"Frida Kahlo, Diego Rivera and 20th Century Mexican Art" review

by Vittorio Carli

"Frida Kahlo, Diego Rivera and 20th Century Mexican Art" is a vibrant and compelling exhibit that is currently at the Mexican Fine Arts Museum in Pilsen, on Chicago's South Side.

This is the largest and most high profile exhibit ever at that museum; it is also one of their best.

There has been renewed interest in Kahlo and Rivera because of "Frida," the recent film on her life. The movie has a shot at earning Oscar nominations for the lead performances by Salma Hayek (as Kahlo) and Alfred Molina (as Rivera).

The art in the exhibit is very varied, and there is no one dominant style that is represented. However, a number of the pieces combine surrealism and/or cubism with indigenous and Mexican themes.

Kahlo never considered herself to be a part of the surrealist movement, and she once said, " I never knew I was a surrealist until {the French poet} Andre Breton came to Mexico and told me I was one."

The exhibit features paintings and sketches by some of the most important 20th century Mexican artists including Frida Kahlo and the muralist/painter Diego Rivera. There are approximately 125 pieces in all including 9 by Rivera and 15 pieces by Kahlo.

One of the most striking pieces is Kahlo's "Self Portrait with Monkeys (1943)" which presents Frida as an earth mother/nature goddess figure surrounded by cute black monkeys. According to thecityreview.com, Diego once gave Frida, a monkey as a substitute for the child she could never have.

Kahlo’s “Diego on My Mind ‘ is equally impressive. It features the artist in the guise of a blooming white flower. Since habit-like white petals surround her, she also looks like a nun. . It has a little picture of Diego on the head to capture their interconnectedness. The piece is a touching love poem to the love of her life.

The exhibit does not include any of Rivera's trademark murals which often included subversive anti-capitalist content, but it does include some paintings that depict street scenes like the ones in the murals.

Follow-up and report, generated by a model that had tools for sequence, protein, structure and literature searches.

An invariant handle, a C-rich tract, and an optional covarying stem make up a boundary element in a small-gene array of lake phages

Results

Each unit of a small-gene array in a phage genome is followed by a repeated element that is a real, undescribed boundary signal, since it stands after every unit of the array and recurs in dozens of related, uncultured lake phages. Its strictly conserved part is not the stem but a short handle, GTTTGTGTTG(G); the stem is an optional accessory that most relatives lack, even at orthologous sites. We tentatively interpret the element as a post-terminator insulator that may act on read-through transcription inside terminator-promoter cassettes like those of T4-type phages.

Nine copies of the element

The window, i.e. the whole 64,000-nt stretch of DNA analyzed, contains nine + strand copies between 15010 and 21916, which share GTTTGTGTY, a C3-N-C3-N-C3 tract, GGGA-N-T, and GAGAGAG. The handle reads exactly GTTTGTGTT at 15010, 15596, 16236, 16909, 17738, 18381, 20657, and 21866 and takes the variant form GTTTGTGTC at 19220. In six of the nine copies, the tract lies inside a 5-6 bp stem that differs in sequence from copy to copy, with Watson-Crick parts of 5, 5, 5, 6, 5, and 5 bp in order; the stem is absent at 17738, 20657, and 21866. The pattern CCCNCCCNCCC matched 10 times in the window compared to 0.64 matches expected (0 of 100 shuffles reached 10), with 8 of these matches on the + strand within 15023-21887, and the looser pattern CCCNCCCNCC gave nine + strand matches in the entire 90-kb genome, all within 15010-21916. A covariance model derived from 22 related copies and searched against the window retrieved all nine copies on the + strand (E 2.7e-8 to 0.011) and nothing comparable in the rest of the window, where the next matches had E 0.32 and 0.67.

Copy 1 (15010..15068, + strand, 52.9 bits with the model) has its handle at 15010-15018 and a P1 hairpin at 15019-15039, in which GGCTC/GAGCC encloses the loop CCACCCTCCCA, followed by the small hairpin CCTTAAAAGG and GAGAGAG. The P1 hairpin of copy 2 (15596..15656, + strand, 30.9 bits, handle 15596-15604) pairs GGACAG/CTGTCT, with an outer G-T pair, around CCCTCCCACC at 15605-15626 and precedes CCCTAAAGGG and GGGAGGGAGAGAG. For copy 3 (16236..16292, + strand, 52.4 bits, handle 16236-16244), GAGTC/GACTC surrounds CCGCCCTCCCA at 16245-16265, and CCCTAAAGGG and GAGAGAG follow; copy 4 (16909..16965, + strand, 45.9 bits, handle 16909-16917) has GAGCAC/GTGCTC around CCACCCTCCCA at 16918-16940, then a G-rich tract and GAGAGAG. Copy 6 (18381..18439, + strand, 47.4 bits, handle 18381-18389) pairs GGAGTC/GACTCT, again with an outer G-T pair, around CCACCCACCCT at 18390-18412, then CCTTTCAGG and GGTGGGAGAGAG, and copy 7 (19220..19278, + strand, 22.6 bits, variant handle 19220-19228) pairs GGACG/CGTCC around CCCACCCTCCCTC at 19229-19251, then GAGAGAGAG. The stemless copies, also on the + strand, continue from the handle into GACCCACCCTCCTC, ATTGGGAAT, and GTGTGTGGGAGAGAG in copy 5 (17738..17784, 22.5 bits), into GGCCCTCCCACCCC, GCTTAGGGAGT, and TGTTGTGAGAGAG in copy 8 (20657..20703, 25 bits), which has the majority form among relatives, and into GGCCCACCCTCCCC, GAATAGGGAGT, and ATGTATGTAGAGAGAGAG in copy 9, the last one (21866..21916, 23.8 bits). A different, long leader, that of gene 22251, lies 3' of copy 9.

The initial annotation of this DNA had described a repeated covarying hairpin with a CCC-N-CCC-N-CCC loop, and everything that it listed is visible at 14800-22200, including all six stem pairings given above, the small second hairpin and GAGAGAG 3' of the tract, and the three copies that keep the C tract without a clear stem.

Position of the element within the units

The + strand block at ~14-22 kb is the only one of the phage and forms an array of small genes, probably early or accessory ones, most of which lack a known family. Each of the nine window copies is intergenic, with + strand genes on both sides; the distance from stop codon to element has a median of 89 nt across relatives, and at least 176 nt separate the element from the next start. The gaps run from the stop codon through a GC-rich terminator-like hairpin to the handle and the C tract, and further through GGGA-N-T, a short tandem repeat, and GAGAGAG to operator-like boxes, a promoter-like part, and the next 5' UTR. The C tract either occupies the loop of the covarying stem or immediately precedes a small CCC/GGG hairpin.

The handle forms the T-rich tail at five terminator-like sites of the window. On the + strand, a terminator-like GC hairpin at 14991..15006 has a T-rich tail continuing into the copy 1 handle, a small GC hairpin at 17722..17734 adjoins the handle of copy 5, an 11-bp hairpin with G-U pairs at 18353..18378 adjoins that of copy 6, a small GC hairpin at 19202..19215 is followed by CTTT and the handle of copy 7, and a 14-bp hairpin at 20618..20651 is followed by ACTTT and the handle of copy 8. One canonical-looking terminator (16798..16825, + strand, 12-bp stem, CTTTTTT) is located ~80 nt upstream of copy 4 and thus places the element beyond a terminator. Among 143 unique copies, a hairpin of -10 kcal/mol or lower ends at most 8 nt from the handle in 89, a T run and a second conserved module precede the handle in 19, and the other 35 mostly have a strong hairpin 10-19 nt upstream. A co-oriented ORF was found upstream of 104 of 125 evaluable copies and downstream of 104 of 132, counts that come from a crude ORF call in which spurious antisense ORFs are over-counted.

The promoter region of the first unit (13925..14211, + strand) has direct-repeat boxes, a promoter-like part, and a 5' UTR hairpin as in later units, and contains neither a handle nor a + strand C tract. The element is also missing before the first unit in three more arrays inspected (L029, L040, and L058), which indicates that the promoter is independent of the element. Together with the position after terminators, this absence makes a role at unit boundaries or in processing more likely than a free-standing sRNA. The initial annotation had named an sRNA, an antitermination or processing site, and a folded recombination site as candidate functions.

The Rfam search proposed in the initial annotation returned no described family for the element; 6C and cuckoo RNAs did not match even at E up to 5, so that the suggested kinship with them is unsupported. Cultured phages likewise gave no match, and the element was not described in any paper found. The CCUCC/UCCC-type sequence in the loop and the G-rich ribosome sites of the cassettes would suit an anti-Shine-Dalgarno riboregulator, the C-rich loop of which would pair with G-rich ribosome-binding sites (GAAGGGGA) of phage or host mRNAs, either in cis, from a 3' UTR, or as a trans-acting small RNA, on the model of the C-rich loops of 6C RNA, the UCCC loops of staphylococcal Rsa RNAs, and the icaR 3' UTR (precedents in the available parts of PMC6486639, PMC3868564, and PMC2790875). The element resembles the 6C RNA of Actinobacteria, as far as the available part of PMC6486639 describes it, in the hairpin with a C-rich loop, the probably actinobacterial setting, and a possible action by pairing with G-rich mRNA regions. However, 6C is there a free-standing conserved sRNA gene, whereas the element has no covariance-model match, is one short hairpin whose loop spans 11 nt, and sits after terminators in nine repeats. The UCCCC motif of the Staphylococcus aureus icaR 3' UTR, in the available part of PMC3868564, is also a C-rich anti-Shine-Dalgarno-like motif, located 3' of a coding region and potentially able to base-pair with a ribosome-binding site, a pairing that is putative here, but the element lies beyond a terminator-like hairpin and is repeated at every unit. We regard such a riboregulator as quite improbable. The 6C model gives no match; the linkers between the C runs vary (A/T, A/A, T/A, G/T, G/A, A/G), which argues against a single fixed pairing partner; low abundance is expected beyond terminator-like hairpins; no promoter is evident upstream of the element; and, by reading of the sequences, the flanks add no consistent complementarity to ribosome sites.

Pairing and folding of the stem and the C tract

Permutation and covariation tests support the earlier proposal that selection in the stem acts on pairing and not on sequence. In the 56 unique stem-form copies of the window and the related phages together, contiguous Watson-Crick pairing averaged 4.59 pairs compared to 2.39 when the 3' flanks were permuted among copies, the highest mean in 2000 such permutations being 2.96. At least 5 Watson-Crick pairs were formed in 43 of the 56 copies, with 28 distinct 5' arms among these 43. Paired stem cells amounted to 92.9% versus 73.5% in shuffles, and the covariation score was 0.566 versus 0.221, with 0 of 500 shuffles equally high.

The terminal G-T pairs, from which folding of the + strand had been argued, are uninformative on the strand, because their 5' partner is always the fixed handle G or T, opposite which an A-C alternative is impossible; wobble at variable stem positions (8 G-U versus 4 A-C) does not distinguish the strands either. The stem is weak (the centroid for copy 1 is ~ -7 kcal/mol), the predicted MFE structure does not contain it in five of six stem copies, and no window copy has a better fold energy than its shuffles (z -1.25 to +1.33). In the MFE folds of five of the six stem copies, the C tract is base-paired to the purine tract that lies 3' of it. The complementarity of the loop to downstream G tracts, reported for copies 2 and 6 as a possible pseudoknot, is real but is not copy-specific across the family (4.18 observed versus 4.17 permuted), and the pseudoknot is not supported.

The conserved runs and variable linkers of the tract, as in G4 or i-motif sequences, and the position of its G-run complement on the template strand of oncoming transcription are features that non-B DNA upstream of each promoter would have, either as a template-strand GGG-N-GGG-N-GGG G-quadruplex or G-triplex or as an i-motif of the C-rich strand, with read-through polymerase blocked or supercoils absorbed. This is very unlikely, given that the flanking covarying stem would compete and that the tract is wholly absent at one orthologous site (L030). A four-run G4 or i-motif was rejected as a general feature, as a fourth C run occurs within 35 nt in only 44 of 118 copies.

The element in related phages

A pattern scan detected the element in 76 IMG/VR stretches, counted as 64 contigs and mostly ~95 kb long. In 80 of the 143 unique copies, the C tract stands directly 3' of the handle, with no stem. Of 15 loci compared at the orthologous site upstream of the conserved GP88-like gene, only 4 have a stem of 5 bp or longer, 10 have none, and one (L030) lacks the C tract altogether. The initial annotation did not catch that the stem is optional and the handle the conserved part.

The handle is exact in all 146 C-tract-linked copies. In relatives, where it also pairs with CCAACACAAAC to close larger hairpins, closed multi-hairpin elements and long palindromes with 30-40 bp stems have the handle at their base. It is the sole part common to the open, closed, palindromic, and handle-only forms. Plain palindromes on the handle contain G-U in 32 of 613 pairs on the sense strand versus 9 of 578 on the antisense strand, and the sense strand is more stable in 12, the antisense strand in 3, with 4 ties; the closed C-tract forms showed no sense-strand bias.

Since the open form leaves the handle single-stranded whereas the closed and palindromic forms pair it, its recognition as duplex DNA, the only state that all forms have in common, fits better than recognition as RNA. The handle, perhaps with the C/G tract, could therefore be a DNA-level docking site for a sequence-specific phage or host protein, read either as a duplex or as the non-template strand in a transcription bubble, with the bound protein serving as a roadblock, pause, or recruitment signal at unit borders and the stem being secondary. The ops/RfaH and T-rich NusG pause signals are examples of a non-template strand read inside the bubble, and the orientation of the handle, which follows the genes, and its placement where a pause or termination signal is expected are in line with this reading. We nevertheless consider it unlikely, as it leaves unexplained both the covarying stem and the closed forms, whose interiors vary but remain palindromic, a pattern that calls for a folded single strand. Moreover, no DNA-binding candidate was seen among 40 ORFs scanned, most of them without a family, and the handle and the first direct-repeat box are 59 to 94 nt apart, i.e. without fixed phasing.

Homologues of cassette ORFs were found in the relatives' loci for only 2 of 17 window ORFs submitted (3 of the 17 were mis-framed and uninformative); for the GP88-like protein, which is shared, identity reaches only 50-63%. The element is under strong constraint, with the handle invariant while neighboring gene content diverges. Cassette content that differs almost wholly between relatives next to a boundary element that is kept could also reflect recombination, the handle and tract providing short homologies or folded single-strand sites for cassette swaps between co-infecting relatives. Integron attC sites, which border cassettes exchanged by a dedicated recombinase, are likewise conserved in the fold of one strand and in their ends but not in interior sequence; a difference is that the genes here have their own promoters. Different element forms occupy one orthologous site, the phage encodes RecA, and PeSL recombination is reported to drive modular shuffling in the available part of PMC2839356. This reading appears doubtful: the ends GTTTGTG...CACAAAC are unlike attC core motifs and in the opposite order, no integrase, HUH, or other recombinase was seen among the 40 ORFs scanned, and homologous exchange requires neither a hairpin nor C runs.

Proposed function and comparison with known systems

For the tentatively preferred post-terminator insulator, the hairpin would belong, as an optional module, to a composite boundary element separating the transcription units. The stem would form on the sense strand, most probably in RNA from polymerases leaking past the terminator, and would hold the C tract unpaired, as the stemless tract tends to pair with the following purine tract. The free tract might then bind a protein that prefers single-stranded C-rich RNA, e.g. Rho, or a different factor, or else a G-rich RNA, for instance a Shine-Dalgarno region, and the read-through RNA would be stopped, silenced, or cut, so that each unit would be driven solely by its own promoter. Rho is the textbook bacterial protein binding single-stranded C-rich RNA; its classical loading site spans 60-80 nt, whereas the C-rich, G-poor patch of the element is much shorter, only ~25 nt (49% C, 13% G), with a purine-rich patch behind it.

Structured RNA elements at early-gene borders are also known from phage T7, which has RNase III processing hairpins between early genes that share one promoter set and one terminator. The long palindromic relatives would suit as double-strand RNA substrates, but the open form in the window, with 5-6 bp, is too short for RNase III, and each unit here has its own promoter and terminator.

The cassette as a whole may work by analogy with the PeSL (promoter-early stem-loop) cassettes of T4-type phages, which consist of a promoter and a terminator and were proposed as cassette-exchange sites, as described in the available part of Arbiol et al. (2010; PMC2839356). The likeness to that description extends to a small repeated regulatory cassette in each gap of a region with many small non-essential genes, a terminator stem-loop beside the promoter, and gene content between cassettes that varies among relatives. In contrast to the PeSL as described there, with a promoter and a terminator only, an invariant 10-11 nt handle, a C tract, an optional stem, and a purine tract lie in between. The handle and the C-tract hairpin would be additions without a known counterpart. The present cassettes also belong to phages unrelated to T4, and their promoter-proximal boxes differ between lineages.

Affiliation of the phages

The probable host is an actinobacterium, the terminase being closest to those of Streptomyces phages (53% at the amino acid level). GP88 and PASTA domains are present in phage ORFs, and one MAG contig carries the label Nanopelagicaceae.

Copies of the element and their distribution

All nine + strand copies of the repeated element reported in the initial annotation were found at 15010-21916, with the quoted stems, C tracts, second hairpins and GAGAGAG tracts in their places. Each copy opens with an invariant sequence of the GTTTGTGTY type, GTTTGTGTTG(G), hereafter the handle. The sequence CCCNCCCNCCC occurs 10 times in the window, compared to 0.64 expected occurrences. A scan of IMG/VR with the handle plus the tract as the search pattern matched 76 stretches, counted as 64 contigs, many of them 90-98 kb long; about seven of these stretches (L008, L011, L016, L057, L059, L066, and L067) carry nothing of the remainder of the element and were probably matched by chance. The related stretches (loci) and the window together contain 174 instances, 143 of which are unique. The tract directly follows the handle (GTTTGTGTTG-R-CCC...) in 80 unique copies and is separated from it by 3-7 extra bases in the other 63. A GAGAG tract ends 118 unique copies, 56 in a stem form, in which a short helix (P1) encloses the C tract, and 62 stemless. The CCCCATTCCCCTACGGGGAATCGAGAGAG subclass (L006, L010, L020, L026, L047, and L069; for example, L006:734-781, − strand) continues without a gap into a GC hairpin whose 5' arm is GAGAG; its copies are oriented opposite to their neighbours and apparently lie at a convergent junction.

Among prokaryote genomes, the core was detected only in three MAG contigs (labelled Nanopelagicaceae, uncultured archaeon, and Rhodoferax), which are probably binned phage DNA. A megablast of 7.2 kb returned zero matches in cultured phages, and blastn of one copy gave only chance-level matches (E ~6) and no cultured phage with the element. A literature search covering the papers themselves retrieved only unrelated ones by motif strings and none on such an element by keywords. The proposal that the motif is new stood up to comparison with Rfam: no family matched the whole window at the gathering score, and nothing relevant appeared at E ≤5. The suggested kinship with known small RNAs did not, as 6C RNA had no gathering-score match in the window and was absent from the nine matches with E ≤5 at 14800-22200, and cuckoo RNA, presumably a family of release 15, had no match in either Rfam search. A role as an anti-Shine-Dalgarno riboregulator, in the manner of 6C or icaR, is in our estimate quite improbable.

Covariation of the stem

"Calla Lily Vendor" and "Sunflowers,” are two large paintings, which celebrate peasant life and nature. Rivera did both paintings in 1943, and they are major works in the artist’s oeuvre

There are also several pieces that try to capture Rivera's essence. It is interesting to contrast the handsome portrait of him by Frida Kahlo (1937) with the obese, clownish and cartoon-like one done by Miquel Covarrubias.

Also fascinating was Rufino Tamayo's "Portrait of Cantinflas (1948)," which features the great silent comedian depicted in a style reminiscent of Picasso’s cubist works. The museum is scheduled to show some of his comedy classics on March 29th and 30.

There is one major reservation about the exhibit. All of the works come from the private collection of the Gellmans, a married couple that collected art.
The collection represents their own tastes and biases, and the Gellmans tended to prefer straightforward portraits to overtly political and extremely experimental art.

Also there are no pieces, which reflect Kahlo's great psychological and physical turmoil and agony. Some of the best pieces by Diego and Kahlo are not in the collection.

But what is here is very high quality. The exhibit is not quite as fascinating as the Remedios Varo exhibit I saw at the Mexican Fine Arts Museum a few years ago, but it is still definitely worth seeing.

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